• We have developed monitoring program for the muon HLT (high-level triggers).

Altogether, we have been contributing to the preparation and operation of the muon detectors and trigger system. The present activities are: further improvement on the detector and trigger operation, the data analyses for physics and development of detectors for the upgraded LHC with higher data-taking rates. Detector operation and development (mainly by master-course students, under the supervision of staff members) The level-1 muon trigger has to have greater rejection power on background processes after 2015 runs where higher rates of collisions by factor 3 or more is expected. For that, the trigger logic calculated in the Sector Logic board is to be more restrictive while keeping reasonable trigger efficiencies. A new firmware with such an improvement by incorporating the hit information from the innermost layer of the endcap muon detector is being prepared. Also investigated is the trigger logic for the level-2 muon trigger, which is to be improved for the robustness against increasing number of hits from background, and also for better momentum resolution in general. In parallel, much effort has been on the understanding of trigger operation for the data already taken in past two years. The precise determination of trigger efficiencies using actual data taken is a necessary ingredient for precise physics measurements with muons involved. Needless to say, similar amount of effort has been put by students for the daily operation of the TGC detector.

Data analysis (doctor-course students, postdoctoral fellows and assistant professors) We are focusing on three subjects on data analyses.

  1. Cross section measurement of Higgs to WW. Since this channel has relatively large background and no clear mass peak of the Higgs boson, understanding the amount of background is mandatory for precise measurement. We are improving estimate of top quark background as well as two bosons in the final state by using real data.
  2. Cross section measurement of top quark pairs through their so-called dilepton decay, where the leptons are produced by the decay of W bosons produced through t -> bW decay. Here the main issue is to understand how large fraction of the leptons is through fakes from hadrons. The measurement is crucial for understanding the detailed production mechanism of top quarks as well as for precise determination of top quark background in many search channels such as Higgs boson and supersymmetry.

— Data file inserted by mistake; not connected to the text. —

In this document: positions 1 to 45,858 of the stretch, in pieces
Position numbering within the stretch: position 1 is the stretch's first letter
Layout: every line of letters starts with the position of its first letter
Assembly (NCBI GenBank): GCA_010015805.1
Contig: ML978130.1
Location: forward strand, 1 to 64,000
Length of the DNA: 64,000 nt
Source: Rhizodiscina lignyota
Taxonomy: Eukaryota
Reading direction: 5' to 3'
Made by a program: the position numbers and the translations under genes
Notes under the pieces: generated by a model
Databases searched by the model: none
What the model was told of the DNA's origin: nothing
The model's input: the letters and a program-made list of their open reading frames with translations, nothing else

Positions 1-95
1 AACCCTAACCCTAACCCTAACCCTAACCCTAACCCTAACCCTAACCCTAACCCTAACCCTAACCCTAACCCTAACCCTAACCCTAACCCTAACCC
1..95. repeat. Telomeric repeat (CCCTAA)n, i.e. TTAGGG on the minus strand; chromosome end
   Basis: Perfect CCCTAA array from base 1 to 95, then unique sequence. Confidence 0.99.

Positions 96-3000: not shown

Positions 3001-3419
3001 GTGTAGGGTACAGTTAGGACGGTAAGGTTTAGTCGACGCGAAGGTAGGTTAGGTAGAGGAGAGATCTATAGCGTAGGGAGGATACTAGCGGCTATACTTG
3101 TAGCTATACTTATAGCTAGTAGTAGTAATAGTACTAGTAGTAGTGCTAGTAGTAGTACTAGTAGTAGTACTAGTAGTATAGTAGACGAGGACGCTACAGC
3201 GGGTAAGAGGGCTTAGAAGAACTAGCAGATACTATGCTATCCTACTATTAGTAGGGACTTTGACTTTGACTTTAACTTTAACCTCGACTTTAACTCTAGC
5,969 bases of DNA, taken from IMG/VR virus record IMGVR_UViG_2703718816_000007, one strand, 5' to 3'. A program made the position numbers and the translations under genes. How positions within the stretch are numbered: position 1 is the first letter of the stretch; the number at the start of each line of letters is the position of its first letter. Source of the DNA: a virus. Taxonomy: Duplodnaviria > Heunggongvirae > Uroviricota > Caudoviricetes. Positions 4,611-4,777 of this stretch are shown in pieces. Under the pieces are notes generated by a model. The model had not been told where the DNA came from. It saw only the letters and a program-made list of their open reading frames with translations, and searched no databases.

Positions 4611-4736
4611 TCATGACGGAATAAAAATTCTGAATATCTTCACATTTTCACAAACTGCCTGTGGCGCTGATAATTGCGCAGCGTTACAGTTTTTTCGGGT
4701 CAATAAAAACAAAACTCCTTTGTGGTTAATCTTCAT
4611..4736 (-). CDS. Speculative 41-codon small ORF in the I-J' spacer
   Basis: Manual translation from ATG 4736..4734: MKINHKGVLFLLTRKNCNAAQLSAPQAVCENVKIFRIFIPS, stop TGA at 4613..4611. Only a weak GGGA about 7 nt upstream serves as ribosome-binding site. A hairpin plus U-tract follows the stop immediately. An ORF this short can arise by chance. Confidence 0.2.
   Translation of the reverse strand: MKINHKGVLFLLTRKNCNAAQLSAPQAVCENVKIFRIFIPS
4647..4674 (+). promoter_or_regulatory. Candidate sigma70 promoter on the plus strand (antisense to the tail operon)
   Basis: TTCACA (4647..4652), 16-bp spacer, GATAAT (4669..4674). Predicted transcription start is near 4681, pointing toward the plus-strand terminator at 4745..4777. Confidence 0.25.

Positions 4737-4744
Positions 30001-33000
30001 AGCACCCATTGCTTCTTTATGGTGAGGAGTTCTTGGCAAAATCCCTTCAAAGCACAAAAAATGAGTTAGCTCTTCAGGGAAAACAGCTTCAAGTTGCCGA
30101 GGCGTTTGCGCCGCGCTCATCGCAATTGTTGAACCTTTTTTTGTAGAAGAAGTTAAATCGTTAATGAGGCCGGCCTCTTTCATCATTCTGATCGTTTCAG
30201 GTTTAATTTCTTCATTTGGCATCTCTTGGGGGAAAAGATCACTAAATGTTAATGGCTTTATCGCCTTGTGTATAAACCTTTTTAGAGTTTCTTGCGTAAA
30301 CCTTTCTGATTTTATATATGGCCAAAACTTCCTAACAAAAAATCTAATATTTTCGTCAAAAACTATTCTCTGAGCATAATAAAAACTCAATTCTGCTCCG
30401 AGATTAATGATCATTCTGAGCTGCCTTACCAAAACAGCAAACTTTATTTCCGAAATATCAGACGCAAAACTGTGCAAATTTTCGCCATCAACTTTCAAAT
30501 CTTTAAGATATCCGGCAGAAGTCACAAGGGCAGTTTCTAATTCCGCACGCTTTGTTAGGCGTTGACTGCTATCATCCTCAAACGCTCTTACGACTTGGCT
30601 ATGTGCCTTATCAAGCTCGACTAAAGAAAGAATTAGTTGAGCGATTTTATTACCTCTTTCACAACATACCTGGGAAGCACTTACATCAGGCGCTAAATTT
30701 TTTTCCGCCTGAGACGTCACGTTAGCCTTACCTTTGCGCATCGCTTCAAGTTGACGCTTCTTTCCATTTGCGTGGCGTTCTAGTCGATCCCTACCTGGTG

3. Search for stable massive charged particles (SMPs), which is an immediate indication of presence of new physics beyond the Standard Model. The method is to detect particles which run significantly slower than the speed of light. We have achieved high-precision calibration of timing detectors to increase the sensitivity.

Upgrading detectors

ATLAS is planning an upgrade for the innermost layer of the endcap muon detector, called the New Small Wheel, for reducing higher trigger rate expected after the phase-1 upgrade of the detector. The idea is to install high-resolution detectors to have precise determination of the track angle for estimating the momentum of muons already at level-1. Kobe University is developing a new method for producing a resistive sheet, which is to cover the electrode of the gas detectors in order to prevent sparks induced by a high amount of ionisation caused by massive charged particles (like protons recoiled by slow neutrons). This study is taken place mainly by the mu-PIC group and the ATLAS group is in collaboration to them. Also in progress is the trigger logic and trigger board development of level-1 endcap triggers as well as muon HLT development with the New Small Wheel.